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Stem Cell Research

UK to Give Green Light to Stem Cell Bank

20 years, 10 months ago

8725  0
Posted on May 30, 2003, 11 a.m. By Bill Freeman

Controversial plans for the UK's first stem cell bank are expected to be given the go-ahead in mid-September. The idea of a stem cell bank was originally put forward by the Royal Society - an influential UK body of scientists - in March 2000. The bank, which would be run by the country's Medical Research Council (MRC), is expected to hold both adult and embryonic stem cell lines.

Controversial plans for the UK's first stem cell bank are expected to be given the go-ahead in mid-September. The idea of a stem cell bank was originally put forward by the Royal Society - an influential UK body of scientists - in March 2000. The bank, which would be run by the country's Medical Research Council (MRC), is expected to hold both adult and embryonic stem cell lines. The MRC is holding a conference on "Stem cells: prospects for research and therapy" in London on the 11th September, and it is expected that plans for the bank will be announced then.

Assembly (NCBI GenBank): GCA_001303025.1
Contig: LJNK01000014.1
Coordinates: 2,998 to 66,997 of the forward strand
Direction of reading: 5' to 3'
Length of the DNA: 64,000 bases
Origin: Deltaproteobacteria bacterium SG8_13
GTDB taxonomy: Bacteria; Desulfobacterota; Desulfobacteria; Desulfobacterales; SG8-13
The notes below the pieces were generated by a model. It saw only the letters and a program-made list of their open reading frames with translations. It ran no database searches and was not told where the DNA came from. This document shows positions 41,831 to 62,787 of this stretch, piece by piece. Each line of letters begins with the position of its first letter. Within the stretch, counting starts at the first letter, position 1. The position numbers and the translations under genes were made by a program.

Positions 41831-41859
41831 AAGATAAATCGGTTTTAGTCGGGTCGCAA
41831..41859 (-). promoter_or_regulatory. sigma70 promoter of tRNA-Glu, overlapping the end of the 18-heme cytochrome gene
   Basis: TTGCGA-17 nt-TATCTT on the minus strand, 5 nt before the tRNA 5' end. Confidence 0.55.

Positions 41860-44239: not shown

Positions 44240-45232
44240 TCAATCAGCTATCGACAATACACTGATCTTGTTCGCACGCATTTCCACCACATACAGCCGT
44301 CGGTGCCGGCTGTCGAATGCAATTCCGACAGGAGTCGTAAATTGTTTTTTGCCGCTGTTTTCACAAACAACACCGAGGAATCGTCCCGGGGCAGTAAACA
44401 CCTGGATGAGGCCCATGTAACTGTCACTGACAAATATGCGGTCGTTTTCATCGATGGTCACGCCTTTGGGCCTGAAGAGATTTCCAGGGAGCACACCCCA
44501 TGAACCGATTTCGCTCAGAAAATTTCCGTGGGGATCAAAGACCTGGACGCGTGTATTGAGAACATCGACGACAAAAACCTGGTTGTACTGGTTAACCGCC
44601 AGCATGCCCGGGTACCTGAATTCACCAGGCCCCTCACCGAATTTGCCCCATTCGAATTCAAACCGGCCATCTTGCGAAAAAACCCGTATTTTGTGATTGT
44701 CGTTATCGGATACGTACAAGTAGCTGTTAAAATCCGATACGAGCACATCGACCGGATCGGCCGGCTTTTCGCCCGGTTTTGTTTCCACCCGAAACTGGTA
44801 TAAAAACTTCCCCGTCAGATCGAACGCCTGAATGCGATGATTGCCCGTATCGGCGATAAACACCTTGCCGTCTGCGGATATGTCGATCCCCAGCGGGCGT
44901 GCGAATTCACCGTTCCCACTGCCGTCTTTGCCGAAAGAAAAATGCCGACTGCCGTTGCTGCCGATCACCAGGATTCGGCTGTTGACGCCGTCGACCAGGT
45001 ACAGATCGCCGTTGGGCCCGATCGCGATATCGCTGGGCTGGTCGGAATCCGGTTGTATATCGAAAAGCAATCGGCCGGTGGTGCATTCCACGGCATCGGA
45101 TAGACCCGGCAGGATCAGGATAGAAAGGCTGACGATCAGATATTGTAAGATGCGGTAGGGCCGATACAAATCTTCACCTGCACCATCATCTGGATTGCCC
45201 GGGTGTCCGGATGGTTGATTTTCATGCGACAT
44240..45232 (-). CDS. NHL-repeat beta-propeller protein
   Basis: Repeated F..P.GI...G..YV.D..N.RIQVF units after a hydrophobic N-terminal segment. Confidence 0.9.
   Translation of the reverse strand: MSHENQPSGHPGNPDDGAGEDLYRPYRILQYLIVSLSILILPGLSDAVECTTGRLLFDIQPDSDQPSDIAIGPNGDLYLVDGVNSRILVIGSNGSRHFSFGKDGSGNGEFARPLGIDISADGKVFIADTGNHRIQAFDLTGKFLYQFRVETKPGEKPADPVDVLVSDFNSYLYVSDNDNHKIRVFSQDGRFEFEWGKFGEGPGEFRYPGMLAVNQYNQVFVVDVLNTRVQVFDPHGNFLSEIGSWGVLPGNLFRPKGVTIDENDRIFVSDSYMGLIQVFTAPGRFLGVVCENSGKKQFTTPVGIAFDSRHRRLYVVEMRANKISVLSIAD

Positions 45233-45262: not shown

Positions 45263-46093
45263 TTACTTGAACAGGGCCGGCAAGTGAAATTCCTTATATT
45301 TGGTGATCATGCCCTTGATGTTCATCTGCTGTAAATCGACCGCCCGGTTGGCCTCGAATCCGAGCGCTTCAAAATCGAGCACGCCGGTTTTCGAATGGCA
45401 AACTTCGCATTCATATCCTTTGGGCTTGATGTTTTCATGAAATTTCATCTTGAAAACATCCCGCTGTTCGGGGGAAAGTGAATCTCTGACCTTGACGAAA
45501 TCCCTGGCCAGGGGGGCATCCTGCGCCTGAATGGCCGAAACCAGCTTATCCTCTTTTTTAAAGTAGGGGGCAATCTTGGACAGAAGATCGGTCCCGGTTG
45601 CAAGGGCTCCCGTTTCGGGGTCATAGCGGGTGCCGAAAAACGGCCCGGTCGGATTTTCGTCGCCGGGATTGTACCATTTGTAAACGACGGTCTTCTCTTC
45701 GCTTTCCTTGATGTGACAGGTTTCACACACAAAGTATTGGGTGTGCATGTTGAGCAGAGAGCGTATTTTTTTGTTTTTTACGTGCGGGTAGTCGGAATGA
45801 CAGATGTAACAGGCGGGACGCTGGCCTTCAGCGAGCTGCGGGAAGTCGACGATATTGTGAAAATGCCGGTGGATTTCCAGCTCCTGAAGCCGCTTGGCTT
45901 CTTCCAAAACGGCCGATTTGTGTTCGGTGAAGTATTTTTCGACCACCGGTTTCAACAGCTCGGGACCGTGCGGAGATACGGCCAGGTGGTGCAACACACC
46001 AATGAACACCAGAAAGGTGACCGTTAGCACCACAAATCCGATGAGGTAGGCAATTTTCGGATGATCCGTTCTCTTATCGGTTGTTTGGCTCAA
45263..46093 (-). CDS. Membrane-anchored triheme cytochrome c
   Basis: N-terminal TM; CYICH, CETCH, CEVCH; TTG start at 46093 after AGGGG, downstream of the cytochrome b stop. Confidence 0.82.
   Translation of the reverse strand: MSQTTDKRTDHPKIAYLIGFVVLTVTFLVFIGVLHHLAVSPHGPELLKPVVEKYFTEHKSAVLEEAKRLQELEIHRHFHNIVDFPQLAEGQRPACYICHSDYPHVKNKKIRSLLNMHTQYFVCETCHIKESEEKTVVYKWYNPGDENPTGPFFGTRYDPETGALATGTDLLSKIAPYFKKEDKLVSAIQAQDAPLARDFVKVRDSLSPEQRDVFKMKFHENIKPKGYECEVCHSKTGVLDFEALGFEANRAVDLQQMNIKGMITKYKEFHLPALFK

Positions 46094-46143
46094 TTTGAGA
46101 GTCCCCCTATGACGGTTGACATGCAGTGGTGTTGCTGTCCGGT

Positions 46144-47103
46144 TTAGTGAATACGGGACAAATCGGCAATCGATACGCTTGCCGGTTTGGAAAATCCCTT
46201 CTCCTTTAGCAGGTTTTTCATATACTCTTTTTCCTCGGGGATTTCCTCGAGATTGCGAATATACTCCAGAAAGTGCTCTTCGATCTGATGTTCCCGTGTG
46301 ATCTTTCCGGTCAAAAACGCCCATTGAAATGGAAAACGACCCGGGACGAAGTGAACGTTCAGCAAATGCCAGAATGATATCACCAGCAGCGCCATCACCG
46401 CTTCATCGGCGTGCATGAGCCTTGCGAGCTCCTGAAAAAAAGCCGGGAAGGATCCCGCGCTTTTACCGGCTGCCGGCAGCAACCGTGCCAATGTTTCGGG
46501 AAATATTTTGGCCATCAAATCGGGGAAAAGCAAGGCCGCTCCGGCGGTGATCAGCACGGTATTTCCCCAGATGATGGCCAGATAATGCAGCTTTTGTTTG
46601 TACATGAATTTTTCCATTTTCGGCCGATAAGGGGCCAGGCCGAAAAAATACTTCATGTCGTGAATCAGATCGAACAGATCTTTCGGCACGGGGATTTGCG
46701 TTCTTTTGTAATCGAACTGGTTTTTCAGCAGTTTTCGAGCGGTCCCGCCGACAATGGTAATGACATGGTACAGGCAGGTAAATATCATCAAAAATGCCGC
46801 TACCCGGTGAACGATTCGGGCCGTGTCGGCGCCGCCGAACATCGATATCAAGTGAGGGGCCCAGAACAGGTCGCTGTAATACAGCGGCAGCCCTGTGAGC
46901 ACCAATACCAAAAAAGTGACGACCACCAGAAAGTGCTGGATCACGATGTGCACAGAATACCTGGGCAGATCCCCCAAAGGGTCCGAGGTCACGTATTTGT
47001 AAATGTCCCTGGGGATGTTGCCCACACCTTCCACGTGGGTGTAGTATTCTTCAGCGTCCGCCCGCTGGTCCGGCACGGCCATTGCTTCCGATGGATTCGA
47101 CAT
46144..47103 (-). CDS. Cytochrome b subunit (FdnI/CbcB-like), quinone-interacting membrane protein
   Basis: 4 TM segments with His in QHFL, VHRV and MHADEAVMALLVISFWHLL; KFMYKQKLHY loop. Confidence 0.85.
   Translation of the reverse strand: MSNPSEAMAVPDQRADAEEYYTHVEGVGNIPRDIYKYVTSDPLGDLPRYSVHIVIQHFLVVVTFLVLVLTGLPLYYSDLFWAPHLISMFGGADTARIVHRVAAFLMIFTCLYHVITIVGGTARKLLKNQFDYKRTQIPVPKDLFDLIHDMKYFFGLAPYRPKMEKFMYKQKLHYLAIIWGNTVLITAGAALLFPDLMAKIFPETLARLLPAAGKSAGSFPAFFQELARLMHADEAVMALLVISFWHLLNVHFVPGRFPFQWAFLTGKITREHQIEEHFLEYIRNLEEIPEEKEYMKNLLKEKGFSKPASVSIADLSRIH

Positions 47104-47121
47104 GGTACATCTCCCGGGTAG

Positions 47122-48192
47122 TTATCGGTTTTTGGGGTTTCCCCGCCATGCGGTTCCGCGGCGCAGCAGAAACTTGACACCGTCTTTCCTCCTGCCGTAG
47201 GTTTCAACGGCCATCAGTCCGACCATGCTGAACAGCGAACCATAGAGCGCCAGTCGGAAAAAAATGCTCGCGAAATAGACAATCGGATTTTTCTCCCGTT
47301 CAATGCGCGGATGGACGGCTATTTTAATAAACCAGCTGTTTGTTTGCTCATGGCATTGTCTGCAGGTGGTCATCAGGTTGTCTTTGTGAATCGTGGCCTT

The news about the plans for the stem cell bank came at the same time a British research team from King's College London led by American scientist Dr Stephen Minger, announced that they had become the first in the UK to grow human embryonic stem cells. The UK government has agreed that scientists can grow embryos up to the age of 14 days for the purpose of harvesting embryonic stem cells from them.

SOURCE/REFERENCE: Reported by www.bbc.co.uk on the 28th August 2002

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